THE BLOG
10/27/2014 03:02 pm ET Updated Dec 27, 2014

An Argument Against Marrying Your Soulmate

Raquel Mallén Photography. via Getty Images

Philosophers and writers love to muse about soulmates. They tend to view soulmates as "mirrors."

Sylvia Day described her soul mate as "The other half of me...my reflection." Emily Bronte said of her soulmate, "Whatever our souls are made of, his and mine are the same."

Soulmates see the world the same way. Meeting someone who can finish your sentences, maybe even right away, is powerfully enticing. Sparks fly. You feel understood.

When physical chemistry gets in the mix, hell breaks loose.

So many of us believe we should spend lots of time with our soulmates. Ideally marry them.

Bad idea.

A better idea is to follow the wisdom of two Elizabeths who conceive of a profoundly rewarding relationship that does not involve two people who are exactly the same.

According to Elizabeth Barrett Browning, an ideal relationship is one in which both members do not mirror but rather inspire each other:

I love you not only for what you are, but for what I am when I am with you. I love you not only for what you have made of yourself, but for what you are making of me. I love you for the part of me that you bring out.

According to Elizabeth Gilbert, a real life relationship with your soul mate may even be hazardous:

A true soulmate is a mirror....A true soulmate is probably the most important person you'll ever meet, because they tear down your walls and smack you awake. But to live with a soulmate forever? Nah. Too painful. Soulmates, they come into your life just to reveal another layer of yourself to you, and then they leave.

Spending time with someone who sees the world the same way you do may be thrilling. But the thrill can wear off. And worse, too much time with your soulmate can prevent you from becoming (and remaining) the best version of yourself. For example, if you both tend towards overthinking or self-absorption (as many people who spend a lot of time thinking about finding their soulmates do), neither of you will easily recognize these tendencies in the other. If you are both shy and overly concerned about hurting people's feelings, you probably won't communicate directly with each other. On the flip side, if you both have bad tempers and tend to be too direct, you may fight a lot and be too casual with each other's feelings. These types of dynamics between soulmates can be disastrous for real life relationships and marriages.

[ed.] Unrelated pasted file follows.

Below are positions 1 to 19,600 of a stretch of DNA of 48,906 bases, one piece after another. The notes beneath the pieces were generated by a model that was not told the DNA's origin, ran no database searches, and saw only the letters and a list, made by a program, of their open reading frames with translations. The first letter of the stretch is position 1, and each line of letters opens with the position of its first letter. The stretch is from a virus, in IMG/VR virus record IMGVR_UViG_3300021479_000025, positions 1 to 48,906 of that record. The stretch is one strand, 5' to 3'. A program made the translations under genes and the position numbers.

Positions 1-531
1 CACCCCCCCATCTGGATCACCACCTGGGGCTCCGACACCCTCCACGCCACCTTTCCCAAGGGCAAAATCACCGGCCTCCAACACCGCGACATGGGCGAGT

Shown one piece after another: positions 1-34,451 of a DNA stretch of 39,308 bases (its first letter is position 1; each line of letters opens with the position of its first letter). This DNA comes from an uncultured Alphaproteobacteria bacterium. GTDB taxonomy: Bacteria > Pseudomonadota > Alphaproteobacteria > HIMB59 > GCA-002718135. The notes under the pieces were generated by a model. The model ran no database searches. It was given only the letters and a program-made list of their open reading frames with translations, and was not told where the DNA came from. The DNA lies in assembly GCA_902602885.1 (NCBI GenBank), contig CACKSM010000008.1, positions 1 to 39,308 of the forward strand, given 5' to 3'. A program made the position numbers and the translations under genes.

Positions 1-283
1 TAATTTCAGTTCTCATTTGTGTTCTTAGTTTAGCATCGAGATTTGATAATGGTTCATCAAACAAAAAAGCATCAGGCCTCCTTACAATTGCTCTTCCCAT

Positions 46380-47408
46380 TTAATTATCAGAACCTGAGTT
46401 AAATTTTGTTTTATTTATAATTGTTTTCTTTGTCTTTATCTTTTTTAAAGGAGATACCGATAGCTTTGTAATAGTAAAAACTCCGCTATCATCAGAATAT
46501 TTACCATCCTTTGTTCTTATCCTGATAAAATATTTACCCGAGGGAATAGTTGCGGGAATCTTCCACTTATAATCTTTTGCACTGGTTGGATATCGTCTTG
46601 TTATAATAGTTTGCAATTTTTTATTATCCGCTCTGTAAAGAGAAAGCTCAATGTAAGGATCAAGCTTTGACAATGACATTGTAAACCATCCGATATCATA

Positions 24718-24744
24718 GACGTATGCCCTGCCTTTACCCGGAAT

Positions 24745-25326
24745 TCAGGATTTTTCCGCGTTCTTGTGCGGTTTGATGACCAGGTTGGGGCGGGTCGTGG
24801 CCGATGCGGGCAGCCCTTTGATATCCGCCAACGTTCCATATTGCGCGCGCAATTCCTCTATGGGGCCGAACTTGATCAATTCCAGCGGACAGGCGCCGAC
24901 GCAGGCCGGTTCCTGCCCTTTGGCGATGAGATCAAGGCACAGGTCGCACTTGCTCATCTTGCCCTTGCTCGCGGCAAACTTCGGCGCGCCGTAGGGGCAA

Also, since we tend to be hard on ourselves about qualities we don't like in ourselves, we can be brutally hard on our "mirrors" when we perceive those same qualities in them. Perhaps this is what Gilbert was getting at when she talked about pain and tearing down walls in connection with soulmates. We can learn a lot from pain, but romantic relationships and marriages are supposed to make us happy. A good romantic partner often does not share all of our insecurities, but instead finds them charming. He forgives us for our shortcomings and our sins.

To borrow from Gilbert, and to add my own twist: Soulmates are mirrors, and among the most important people you'll meet, and perhaps not good people to live with or marry. But you don't need to shut them out of your life. They can be good friends who you see when you need a mirror to remind you who you are.

Maybe more important (and rewarding) than spending your life with your mirror is spending your life with someone who pays attention to you, who adores you, who learns from you, and who always brings out the best in you (and for whom you return the favor on all counts). Jack Nicholson's character nailed it in the movie As Good As it Gets when he told Helen Hunt's character, "You make me want to be a better man." A great real life partner inspires you to try to be the best version of yourself (and equally importantly, sticks by you even if you fail).

Soulmates often dovetail with unrequited (or no longer requited) love. Without discounting the glamour and value of soulmates, it is frustrating and painful to concentrate your love on someone who is not in a real life relationship with you.

You can love a partner who inspires you rather than mirrors you -- and vice versa -- not just as much but more than your soulmate.